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Denmark: Alleged US spying has not hurt relationships with France, Germany

Denmark: Alleged US spying has not hurt relationships with France, Germany
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Denmark’s prime minister on Wednesday said that she did not believe the country’s relationship with France and Germany has been hurt by reports that the Danish foreign intelligence unit worked with the U.S. National Security Agency (NSA) to spy on its allies. 

“I do not think it is correctly presented that there is a need to restore relations with either France or Germany,” Prime Minister Mette Frederiksen told local news wire Ritzau.

“We have an ongoing dialogue, and so do we in the field of intelligence,” she added, according to The Associated Press

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Frederiksen also echoed a statement previously shared by the country’s defense minister in arguing that there "must be no systematic monitoring of allies.”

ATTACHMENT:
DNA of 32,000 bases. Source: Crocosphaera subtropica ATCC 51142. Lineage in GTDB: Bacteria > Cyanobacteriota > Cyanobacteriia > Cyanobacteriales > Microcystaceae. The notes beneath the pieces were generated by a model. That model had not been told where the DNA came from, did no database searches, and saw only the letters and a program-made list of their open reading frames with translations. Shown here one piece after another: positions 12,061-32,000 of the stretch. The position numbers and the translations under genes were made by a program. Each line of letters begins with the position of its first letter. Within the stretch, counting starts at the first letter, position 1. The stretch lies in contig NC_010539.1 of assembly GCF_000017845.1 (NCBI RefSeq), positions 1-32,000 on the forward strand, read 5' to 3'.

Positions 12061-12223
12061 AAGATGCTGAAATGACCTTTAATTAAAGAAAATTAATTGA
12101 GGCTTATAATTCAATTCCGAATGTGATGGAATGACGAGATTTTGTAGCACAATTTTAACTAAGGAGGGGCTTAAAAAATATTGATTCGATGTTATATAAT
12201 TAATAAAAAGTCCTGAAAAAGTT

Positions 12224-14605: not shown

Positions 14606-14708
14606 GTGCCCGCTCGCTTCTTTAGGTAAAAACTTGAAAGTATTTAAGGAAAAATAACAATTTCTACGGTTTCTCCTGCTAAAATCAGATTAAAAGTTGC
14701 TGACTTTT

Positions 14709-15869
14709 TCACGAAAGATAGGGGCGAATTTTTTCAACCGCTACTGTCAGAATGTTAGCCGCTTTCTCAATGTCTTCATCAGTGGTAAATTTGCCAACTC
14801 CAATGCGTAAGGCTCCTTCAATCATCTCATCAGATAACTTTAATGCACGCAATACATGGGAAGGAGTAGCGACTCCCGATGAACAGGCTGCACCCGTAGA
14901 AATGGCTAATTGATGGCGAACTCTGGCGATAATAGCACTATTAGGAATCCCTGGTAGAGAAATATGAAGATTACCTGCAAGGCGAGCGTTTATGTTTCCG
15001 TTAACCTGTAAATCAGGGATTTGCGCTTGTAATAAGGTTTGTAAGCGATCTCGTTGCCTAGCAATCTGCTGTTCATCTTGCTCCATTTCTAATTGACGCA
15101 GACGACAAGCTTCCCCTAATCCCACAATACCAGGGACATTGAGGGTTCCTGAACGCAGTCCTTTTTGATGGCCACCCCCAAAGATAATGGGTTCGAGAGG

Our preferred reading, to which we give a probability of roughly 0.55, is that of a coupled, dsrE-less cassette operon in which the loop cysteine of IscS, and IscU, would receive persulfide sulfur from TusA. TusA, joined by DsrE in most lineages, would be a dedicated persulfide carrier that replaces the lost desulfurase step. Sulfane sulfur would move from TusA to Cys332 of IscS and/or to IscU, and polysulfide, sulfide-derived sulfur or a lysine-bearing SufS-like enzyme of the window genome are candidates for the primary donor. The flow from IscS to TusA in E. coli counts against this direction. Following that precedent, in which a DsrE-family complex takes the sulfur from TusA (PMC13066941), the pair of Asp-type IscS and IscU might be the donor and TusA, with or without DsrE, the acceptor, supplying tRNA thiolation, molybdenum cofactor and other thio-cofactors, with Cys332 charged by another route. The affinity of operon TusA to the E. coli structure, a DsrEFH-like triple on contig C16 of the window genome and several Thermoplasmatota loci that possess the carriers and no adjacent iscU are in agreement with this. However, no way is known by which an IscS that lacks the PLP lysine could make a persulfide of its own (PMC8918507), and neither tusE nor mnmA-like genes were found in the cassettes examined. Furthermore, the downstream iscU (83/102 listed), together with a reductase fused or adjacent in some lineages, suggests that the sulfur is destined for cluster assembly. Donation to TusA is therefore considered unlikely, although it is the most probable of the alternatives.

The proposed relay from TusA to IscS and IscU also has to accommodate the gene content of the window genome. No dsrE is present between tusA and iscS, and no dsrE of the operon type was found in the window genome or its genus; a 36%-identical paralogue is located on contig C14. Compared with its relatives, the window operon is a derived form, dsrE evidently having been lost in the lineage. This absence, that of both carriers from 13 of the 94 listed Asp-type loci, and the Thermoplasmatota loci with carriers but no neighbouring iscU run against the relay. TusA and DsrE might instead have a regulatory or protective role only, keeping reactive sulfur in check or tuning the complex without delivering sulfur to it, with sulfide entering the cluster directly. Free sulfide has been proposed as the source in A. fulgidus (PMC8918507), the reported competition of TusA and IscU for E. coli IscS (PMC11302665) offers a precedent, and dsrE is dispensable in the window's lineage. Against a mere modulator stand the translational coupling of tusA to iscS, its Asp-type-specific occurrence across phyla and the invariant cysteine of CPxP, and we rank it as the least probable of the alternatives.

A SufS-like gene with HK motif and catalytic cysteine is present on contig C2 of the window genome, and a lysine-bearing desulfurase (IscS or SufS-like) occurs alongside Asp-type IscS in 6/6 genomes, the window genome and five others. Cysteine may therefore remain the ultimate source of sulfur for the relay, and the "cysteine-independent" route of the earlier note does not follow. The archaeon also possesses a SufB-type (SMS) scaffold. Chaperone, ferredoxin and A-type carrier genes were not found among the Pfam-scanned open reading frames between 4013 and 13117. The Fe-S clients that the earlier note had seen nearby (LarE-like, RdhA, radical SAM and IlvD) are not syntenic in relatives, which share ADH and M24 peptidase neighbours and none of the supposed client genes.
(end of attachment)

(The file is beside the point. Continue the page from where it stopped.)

The AP reported that Frederiksen also said she does “not comment on stories about the intelligence work that appear via the media.”

The remarks come days after the Danish Broadcasting Corporation (DR), citing conversations with nine unidentified sources familiar with the matter, reported that the NSA used Danish information to spy on officials in Sweden, Norway, France and Germany. 

The officials reportedly included German Chancellor Angela Merkel, as well as former German Foreign Minister Frank-Walter Steinmeier, who currently serves as president of Germany, and former German Chancellor candidate Peer Steinbrück. 

Steinbrück told DR this week that it would be hypocritical for Germany to express discontent over Denmark’s alleged spying, as the 2013 intelligence leak made by Edward Snowden revealed that the German intelligence service BND had spied on other countries both on its own and while working with the NSA. 

French President Emmanuel MacronEmmanuel Jean-Michel MacronG-7 summit exposes incoherence of US foreign policy The Hill's 12:30 Report: Sights and sounds from Biden's European trip Biden says Queen Elizabeth II reminded him of his mother MORE said following a virtual summit with Germany on Monday that the two nations were “seeking full clarity” on the reported actions by Danish intelligence officials. 

"If the information is true," the practices are "unacceptable between allies, and even less acceptable between European allies and partners,” Macron said in a statement, according to CNN

Swedish Defense Minister Peter Hultqvist responded to DR’s report by saying it “demanded full information,” with both Norwegian Defense Minister Frank Bakke-Jensen and French Minister for European Affairs Clement Beaune saying they take the allegations seriously.